Improved varieties spur growing of apples | Monitor – Monitor

improved-varieties-spur-growing-of-apples-|-monitor-–-monitor

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What you need to know:

The science of crop and livestock improvement has been going on since mankind stopped to be a hunter and collector. The objectives were varied but they included better taste, larger size, higher yields, disease resistance, drought tolerance, and better nutrition among others.

Apple is a temperate climate fruit that was introduced in Uganda specifically in Kabale District in 1999.

They have spread to the highlands in eastern Uganda mainly in Bugisu, Bukedi and Sebei sub-regions in areas around Mt Elgon.
There are also a number of farmers in Rwenzori highlands who have taken up apple growing.

They are grown in high altitude areas of between 1800m—3000m in the Mt Elgon region, highlands. Agricultural experts observe that at present, apple production is conducted by small-holder family farmers and they are commercialising it in the highlands in south-western and eastern Uganda with a few large scale farmers.
The agronomy
The aim of any farmer engaged in apple growing is to attain high yield, high quality crop that satisfies the end user. There are a large number of agronomic factors which can influence this, many are within the control of the grower, under given growing systems, climatic and soil conditions.
Soil requirements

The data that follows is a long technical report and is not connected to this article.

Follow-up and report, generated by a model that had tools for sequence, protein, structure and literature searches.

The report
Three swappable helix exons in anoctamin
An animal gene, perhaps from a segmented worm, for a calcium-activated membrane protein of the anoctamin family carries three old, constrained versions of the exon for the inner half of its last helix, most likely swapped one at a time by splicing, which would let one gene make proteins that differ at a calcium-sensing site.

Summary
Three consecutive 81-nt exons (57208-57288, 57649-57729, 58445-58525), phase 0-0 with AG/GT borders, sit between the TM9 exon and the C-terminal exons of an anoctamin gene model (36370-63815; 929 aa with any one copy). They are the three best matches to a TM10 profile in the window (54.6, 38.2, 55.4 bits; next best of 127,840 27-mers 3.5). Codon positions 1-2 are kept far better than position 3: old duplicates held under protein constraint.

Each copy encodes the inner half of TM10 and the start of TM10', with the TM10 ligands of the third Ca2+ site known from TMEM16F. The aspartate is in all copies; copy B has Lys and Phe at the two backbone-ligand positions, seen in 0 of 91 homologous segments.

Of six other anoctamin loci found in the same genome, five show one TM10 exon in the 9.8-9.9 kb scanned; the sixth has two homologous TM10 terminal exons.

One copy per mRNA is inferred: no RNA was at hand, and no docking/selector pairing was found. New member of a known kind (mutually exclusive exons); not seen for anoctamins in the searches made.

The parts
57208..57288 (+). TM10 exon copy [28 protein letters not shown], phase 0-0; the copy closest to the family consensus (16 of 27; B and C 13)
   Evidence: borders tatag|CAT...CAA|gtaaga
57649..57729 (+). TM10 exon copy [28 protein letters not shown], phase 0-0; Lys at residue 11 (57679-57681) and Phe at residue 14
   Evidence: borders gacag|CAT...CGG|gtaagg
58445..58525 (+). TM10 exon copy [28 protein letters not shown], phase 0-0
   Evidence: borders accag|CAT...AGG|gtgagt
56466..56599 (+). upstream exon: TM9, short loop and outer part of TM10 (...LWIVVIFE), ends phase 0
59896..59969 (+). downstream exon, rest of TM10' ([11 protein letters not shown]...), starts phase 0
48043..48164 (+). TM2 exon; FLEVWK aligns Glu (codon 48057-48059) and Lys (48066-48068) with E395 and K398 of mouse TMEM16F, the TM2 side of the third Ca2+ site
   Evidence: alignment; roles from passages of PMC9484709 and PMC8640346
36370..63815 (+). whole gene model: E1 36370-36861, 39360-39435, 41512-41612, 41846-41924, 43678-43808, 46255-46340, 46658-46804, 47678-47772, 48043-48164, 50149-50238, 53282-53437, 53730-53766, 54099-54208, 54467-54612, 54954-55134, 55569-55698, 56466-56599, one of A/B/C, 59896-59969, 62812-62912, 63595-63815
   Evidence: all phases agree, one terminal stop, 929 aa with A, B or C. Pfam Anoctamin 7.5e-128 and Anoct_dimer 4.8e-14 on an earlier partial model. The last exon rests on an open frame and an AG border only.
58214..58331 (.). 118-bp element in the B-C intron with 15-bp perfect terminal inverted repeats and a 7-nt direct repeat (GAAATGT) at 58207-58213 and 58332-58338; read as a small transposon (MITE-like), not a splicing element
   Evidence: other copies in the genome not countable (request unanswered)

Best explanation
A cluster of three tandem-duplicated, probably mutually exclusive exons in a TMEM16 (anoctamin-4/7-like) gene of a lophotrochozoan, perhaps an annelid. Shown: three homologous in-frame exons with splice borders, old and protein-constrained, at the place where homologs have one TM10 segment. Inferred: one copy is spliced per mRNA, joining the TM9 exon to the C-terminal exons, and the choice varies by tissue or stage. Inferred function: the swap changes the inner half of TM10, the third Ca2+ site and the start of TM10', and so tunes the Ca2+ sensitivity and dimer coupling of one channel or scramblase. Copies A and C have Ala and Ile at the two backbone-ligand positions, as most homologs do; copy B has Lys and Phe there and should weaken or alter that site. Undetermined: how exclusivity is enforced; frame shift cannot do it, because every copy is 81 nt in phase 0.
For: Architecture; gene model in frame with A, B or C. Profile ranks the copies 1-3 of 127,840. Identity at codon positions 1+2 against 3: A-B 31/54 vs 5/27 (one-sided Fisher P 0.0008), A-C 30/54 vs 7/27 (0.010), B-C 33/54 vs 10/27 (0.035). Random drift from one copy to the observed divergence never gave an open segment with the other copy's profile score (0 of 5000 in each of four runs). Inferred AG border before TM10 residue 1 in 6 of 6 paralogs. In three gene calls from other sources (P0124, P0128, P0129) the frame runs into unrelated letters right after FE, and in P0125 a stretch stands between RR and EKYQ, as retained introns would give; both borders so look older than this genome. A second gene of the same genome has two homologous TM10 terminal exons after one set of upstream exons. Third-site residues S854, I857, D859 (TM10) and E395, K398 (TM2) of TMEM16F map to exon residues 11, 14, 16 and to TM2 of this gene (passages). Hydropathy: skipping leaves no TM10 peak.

In a publication by YARA International, a Norwegian chemical company concentrating in the production of nitrogen fertiliser for farmers detailing the agronomy practices farmers must follow when growing apple, it is stated that apple trees can grow in a wide range of soils from medium textured clays to gravelly sands.
However, poor soils will produce poor results and the best crops are found on fertile sandy and loam soils.
Wet soils lead to poor aeration and increased incidence of crown rot in apples. Generally, rooting tends to be shallow and wet soils will restrict development, resulting in poor anchorage of the tree and a reduced area of soil from which nutrients can be extracted.

Soils with high organic matter contents are normally better structured and allow good rooting.
Raising seedlings
Apples can be propagated both by seed and through grafting. However, growing apples from seed does not result in the same crop as the parent but grafts retain their properties and taste just as great as their parents.
To get good crop and fruit yield, it is recommended that farmers use grafted apple seedlings.
Apple Anna and Golden Dorset are the most performing varieties but there are many others.
Fertile and well drained soils are necessary to obtain a good crop of an apple plant. It is also important to feed your apple plant as it grows. Apples tolerate PH range of 6.0-7.0 but prefer a PH range of 6.5-6.8.
Varieties
There are number of apple varieties adopted by farmers but there are most preferred varieties in Uganda and they include Wambugu apple variety which withstands the harsh conditions but still farmers don’t have to leave them without care
Farmers have to ensure that in drought prone areas, open water pools in between lines filled with manure is important including mulching and intercropping with other crops. Anna tropical variety which is purple in colour and serve dual purpose cultivars of commercial or domesticated apple that is very early ripening and does well in warm climates.
They were introduced in Uganda from Israel in 1999, first in Kabale District and now they are scattered all over the country and they are doing so well both commercially and domestically.